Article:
rsquo;S face it. In asking for government favours entrepreneurs are a vested interest like all the rest. Because they aren’t collectivised in the same way as more experienced lobbyists, they don’t get the same hearing as big business. Yet what they lack in voice they make up for in value for money. Politicians are more than happy to throw a few million here or there for the good publicity that comes with claiming to stimulate new businesses.
This isn’t to say that the government shouldn’t help entrepreneurs. As Deloitte’s Debbie Griffiths argues (below), there are plenty of tax breaks that are making a real difference. As the American economist Milton Friedman said: “I am favour of cutting taxes under any circumstances and for any excuse, for any reason, whenever it’s possible.”
However, there are plenty of bad ideas for stimulating more start-ups out there. Governments backstopping lending to businesses is highly questionable. That the private sector isn’t willing to shoulder the loans suggests that it’s probably not worth the risk. Also, there is a positive correlation between the degree of risk and how potentially disruptive an start-up can be – understandably, a government will want to limit the danger of throwing money at bad ideas, but this also risks disordering the priorities of the entrepreneurial process.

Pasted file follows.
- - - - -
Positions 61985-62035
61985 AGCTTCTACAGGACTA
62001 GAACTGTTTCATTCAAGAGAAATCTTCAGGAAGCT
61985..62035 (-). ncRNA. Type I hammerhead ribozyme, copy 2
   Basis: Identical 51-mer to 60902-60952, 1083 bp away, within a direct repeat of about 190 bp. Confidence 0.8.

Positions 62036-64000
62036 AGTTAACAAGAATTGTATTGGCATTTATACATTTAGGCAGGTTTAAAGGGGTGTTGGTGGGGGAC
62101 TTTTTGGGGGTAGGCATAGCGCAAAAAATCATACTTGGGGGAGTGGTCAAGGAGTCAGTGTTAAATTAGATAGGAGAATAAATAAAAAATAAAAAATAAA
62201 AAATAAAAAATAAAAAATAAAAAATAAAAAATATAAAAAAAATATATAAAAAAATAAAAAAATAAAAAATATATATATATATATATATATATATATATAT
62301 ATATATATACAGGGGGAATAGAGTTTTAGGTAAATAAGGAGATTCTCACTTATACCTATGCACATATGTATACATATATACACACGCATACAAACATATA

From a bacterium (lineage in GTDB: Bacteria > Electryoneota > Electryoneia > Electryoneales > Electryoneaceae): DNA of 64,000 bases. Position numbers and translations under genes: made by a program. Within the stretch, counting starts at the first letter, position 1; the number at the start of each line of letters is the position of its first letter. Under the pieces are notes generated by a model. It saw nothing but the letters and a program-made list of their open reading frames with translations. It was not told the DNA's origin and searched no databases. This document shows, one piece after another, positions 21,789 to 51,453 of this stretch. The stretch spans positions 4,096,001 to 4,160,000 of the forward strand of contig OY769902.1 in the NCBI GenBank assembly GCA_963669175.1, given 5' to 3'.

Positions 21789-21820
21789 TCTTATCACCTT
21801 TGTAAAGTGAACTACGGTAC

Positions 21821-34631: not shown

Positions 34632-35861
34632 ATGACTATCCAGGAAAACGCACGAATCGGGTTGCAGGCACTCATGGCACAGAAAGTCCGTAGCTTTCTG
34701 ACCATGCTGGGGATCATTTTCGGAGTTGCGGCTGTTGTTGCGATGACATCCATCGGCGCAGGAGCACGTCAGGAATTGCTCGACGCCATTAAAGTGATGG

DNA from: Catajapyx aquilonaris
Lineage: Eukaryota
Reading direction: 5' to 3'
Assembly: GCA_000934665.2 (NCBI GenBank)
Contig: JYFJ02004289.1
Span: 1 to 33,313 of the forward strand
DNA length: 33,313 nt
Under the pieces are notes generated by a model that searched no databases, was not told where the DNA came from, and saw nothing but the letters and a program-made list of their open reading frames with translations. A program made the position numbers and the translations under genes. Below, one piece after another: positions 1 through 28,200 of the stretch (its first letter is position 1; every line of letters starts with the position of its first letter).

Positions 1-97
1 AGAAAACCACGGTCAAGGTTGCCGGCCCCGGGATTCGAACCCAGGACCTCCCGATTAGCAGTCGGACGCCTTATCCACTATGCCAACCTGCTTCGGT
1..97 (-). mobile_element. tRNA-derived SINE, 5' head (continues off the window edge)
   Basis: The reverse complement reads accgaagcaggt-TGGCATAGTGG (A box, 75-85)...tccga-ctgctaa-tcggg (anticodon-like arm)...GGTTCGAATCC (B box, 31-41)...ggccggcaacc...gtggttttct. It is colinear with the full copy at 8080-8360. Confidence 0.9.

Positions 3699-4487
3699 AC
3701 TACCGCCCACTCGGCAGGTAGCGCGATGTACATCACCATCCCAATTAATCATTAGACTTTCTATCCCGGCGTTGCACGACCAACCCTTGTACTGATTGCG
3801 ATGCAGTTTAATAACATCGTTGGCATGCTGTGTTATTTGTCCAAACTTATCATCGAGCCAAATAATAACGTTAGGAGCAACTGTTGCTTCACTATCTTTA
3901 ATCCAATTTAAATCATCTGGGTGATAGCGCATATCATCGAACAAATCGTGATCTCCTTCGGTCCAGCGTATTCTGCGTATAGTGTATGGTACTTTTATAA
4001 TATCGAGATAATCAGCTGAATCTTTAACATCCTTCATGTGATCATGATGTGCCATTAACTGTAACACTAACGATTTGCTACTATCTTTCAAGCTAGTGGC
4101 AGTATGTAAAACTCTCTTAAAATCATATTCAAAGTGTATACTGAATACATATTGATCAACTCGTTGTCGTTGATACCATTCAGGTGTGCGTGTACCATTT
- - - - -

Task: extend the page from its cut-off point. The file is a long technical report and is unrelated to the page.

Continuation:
Yet the government is already throwing money at young people to encourage them to go to university. Perhaps there is something to be said in being equally indiscriminate with loans to young people starting businesses. It would be a more level playing field.
In any case, most of the suggestions in the entrepreneurs’ Budget (right) are for the government to stop doing things. A classic example of this outside of the Budget will play out when the Department for Culture, Media and Sport publishes its Green paper on the Communications Bill at around the same time. It’s widely expected to be packed full of policies that will bring a wrecking ball to the spontaneous tech start-ups of Silicon roundabout (appropriated by the government as Tech City). Blocking websites and the forced promotion of licensed websites by search engines are just two of the policies that could undermine disruption. Primum non nocere – first, do no harm – should be the chancellor’s mantra.